So our original block changes from this...

$FooT=$FullName.split("/")
$FooU=$FullName.toUPPER()
$FooD=$FullName.substring(3,2)

…to this now:

$FooT=$FullName[0].split("/")
$FooU=$FullName[0].toUPPER()
$FooD=$FullName[0].substring(3,2)

The end result, if we put all the pieces together, is shown here:

Function global:GET-foo()
{

[CmdletBinding()]
Param(
[parameter](Mandatory=$True,
$ValueFromPipeline=$True)
$ParameterSetName=’FullName’]
[string[]]$FullName
)

Process
{

#Pointless Process

$StuffBack=NEW-OBJECT PSOBJECT -property @{This='';That='';SomethingElse=''}

$FooT=$FullName[0].split("/")
$FooU=$FullName[0].toUPPER()
$FooD=$FullName[0].substring(3,2)

$StuffBack.This=$FooT
$StuffBack.That=$FooU
$StuffBack.Somethingelse=$FooD

Return $StuffBack

}

}

Now when we run our script, we’ll get a new cmdlet called Get-Foo. Here’s the neat bit. Type Get-Help, and you’ll actually see some rudimentary Help about it. You can press Tab to autocomplete the command name (using Tab to autocomplete a command also works on parameters).

Remember that we said to accept only properties from the pipeline called FullName? I did this intentionally for this example. If you run this…

GET-CHILDITEM | GET-FOO

…it will pull down the FullName property from Get-ChildItem for each individual object, and then mess with it.

Yes, the actual function is completely pointless and trivial. But hopefully, you can see the basics about creating an advanced function and manipulating data in the pipeline.

Remember the Power of Shell is in you!

Sean
The Energized Tech

 

Thank you, Sean, for a great article about creating an advanced function in Windows PowerShell.

I invite you to follow me on Twitter and Facebook. If you have any questions, send email to me at scripter@microsoft.com, or post your questions on the Official Scripting Guys Forum. See you tomorrow. Until then, peace.

Ed Wilson, Microsoft Scripting Guy

 

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  • I think this is what you are trying to do.  Notice the use of the ParameterName and the ParameterSetName.  They are different.

    NOt ehow we can unwind an array when passed. Your method works but can lead ot odd behaiors if teh code is cahnged in certain ways.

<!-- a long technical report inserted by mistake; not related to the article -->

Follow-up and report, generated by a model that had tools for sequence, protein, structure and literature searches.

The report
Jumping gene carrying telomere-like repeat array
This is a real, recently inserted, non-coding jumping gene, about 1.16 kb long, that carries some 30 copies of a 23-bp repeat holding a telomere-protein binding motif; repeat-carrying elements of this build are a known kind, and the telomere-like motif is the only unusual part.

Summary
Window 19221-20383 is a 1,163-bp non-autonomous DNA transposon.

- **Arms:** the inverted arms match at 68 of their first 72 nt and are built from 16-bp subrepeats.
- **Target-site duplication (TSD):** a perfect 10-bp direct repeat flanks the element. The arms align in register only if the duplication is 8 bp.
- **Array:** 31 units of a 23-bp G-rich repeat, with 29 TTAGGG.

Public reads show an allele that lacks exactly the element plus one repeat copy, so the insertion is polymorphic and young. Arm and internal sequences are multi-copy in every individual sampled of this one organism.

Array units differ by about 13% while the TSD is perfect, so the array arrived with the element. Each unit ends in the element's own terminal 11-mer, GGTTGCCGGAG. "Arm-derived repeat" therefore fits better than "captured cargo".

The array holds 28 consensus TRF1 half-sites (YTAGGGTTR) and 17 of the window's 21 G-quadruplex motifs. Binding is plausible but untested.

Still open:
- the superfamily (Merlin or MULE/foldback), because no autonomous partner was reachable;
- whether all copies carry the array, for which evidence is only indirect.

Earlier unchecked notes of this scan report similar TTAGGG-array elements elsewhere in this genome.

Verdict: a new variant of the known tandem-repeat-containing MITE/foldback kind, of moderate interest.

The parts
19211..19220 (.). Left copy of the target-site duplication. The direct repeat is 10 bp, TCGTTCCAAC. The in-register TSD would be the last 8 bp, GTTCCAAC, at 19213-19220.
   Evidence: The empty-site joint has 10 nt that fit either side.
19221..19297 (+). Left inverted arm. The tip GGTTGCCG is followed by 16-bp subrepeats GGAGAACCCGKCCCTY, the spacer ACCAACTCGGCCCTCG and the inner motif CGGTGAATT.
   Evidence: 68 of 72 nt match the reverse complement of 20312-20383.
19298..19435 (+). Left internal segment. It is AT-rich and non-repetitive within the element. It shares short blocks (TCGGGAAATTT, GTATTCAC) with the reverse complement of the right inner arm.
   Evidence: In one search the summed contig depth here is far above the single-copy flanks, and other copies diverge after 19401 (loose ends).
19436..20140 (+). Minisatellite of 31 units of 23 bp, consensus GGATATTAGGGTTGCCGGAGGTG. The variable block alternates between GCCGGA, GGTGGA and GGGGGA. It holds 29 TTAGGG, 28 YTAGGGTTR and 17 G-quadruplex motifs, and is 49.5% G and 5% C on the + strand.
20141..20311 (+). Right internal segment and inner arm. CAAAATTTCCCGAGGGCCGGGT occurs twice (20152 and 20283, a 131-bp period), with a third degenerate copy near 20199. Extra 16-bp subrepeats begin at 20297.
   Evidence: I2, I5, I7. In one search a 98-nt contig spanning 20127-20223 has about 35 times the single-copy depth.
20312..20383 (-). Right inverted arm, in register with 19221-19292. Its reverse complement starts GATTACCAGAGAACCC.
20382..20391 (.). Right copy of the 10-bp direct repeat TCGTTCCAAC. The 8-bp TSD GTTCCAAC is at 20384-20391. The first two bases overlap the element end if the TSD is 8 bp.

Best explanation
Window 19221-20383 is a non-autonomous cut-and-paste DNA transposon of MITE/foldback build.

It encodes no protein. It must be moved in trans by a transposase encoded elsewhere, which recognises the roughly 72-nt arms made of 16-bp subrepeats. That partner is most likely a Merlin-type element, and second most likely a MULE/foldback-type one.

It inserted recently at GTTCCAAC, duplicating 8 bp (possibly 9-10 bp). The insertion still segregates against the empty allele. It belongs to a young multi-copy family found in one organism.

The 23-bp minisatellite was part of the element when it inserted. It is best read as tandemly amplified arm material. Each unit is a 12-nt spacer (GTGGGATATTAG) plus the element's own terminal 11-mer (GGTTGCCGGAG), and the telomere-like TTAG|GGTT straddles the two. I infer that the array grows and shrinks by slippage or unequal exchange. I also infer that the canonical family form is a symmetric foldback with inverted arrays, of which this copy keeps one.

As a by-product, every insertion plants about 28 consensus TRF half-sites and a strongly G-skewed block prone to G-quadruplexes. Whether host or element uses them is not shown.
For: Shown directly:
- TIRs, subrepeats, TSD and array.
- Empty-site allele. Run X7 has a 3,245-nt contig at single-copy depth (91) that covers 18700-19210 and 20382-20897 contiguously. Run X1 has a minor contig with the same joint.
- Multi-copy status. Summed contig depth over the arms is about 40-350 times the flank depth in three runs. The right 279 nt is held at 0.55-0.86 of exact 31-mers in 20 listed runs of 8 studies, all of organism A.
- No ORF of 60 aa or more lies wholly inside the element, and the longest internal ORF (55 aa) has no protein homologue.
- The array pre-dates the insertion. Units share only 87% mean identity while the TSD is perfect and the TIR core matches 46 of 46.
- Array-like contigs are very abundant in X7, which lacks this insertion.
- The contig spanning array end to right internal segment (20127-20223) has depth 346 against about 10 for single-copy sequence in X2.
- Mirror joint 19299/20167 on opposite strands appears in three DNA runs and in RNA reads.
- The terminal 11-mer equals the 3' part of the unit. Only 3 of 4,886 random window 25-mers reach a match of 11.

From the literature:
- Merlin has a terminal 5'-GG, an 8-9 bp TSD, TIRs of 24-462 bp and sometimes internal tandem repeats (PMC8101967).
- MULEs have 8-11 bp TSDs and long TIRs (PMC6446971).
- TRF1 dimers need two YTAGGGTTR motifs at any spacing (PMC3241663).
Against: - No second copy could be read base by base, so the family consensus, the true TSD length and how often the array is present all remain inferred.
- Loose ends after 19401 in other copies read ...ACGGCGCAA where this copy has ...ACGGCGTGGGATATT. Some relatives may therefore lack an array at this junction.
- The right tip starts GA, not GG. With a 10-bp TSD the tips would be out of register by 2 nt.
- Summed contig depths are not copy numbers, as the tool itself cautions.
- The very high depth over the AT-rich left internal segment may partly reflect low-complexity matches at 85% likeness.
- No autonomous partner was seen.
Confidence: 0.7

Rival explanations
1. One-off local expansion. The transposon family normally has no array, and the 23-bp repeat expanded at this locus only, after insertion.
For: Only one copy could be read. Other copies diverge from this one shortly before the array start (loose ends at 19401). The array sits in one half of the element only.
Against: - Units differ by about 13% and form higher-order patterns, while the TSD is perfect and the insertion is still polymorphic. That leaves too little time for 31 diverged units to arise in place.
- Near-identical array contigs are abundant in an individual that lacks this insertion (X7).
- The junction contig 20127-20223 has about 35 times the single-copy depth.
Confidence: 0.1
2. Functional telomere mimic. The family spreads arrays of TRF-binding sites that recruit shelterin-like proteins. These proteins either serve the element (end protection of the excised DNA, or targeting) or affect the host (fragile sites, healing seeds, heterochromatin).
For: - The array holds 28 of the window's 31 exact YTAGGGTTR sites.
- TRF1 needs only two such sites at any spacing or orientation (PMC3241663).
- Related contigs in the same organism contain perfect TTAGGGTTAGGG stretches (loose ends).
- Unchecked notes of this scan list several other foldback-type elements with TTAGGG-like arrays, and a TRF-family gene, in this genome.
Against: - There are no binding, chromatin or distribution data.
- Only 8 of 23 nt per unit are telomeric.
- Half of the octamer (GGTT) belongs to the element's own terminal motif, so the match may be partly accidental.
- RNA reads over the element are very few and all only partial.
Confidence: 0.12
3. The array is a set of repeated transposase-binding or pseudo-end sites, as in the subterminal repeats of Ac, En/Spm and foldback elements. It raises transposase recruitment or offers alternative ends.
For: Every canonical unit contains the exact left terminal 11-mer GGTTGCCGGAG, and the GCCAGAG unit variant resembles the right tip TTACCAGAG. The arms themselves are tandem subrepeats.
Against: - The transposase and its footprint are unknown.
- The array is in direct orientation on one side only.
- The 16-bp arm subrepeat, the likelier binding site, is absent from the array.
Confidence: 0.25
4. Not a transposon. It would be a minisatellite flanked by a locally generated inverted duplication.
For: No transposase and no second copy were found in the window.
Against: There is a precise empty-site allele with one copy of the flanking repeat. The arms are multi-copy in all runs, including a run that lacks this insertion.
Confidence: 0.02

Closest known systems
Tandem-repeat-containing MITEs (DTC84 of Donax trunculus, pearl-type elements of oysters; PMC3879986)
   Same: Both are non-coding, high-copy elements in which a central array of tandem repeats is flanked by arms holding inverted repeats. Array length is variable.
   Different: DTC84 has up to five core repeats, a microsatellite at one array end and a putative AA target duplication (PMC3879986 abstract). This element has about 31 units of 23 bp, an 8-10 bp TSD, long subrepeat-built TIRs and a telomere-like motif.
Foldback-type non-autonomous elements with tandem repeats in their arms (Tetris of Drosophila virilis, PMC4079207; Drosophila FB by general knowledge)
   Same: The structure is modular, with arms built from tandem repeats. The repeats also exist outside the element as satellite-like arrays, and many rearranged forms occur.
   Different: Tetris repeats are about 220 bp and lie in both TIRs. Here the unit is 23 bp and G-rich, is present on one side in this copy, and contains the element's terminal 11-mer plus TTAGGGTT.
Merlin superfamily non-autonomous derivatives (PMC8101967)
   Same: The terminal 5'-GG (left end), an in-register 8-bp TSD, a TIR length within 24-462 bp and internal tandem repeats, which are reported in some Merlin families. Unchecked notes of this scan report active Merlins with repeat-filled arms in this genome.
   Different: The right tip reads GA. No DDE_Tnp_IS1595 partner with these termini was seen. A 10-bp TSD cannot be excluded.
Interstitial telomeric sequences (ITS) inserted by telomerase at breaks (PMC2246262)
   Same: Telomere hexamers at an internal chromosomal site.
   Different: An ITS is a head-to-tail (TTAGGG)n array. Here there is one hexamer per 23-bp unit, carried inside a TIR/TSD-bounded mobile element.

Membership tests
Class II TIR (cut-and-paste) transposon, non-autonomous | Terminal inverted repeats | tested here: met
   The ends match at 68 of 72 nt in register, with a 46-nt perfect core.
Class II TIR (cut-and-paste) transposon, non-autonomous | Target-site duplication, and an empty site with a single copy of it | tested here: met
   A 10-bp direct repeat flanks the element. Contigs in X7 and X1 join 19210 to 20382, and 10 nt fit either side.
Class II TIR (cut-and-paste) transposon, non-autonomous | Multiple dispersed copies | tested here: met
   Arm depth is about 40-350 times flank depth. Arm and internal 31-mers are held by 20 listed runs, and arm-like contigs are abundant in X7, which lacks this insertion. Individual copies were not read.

I also find it cleaner to generate teh output object explicitly at the end.  The PoewerShell guys have given 'return' a bad name for some reason so I have almost nevr used it.

    I also prefer the stacking-style for the code layout as it seems easier to see mistakes. Actually this used to be the default style in Visual Studio with 'C' languages until VS 2005 when it changed.

    Here is my take on how it should look along with some bug fixes and three examples.

    Function global:Get-Foo{

        [CmdletBinding(DefaultParameterSetName='Namer')]

        Param(

            [parameter(

                 ParameterName='FullName',

                 Position=1,

                 Mandatory=$True,

                 ValueFromPipeline=$True,

                 ParameterSetName='Namer'

            )][string[]]$FullName

        )

        Process{

             #Pointless Process

             $FullName |

             ForEach-Object{

                  $FooT=$_.split("/")

                  $FooU=$_.toUPPER()

                  $FooD=$_.substring(3,2)

                  New-Object PSObject -property @{This=$FooT;That=$FooU;SomethingElse=$FooD}

             }

        }

    }

    $list='C:\My\Stuff\Should\Not\Be\BigMess.txt','C:\My\Stuff\Be\On\The\Floor\BigMess.txt'

    $list | Get-Foo

    Get-Foo $list

    Get-Foo -fullname $list

    download as text --->

    www.designedsystemsonline.com/.../get-foo.txt

  • Cliff

  • Hello Sean,

    intersting stuiff ... these advanced functions!

    This is a good intro into "how to make an adv. function out of nearly nothing" :-)

    But: There are several mistakes between the lines starting with "Param(" and ending five lines later with ")"

    A corrected version should look like

    [CmdletBinding()]

    Param(

    [parameter(Mandatory=$True,

    ValueFromPipeline=$True,

    ParameterSetName='FullName')]

    [string[]]$FullName

    )

    "the energized fox junped too quick" :-)

    Klaus

  • @Klaus

    Ah you caught me.   My script was working but my typing when I transposed it to the blogpost apparently dropped a few bits!

    Guess I should have had that extra pot of coffee :)

    Thanks for keeping me on my toes.  It's only through collaboration we can all improve!  And I was serious Klaus, this article happened because you pointed something out to me :=)

    Keep that shell a Rockin'!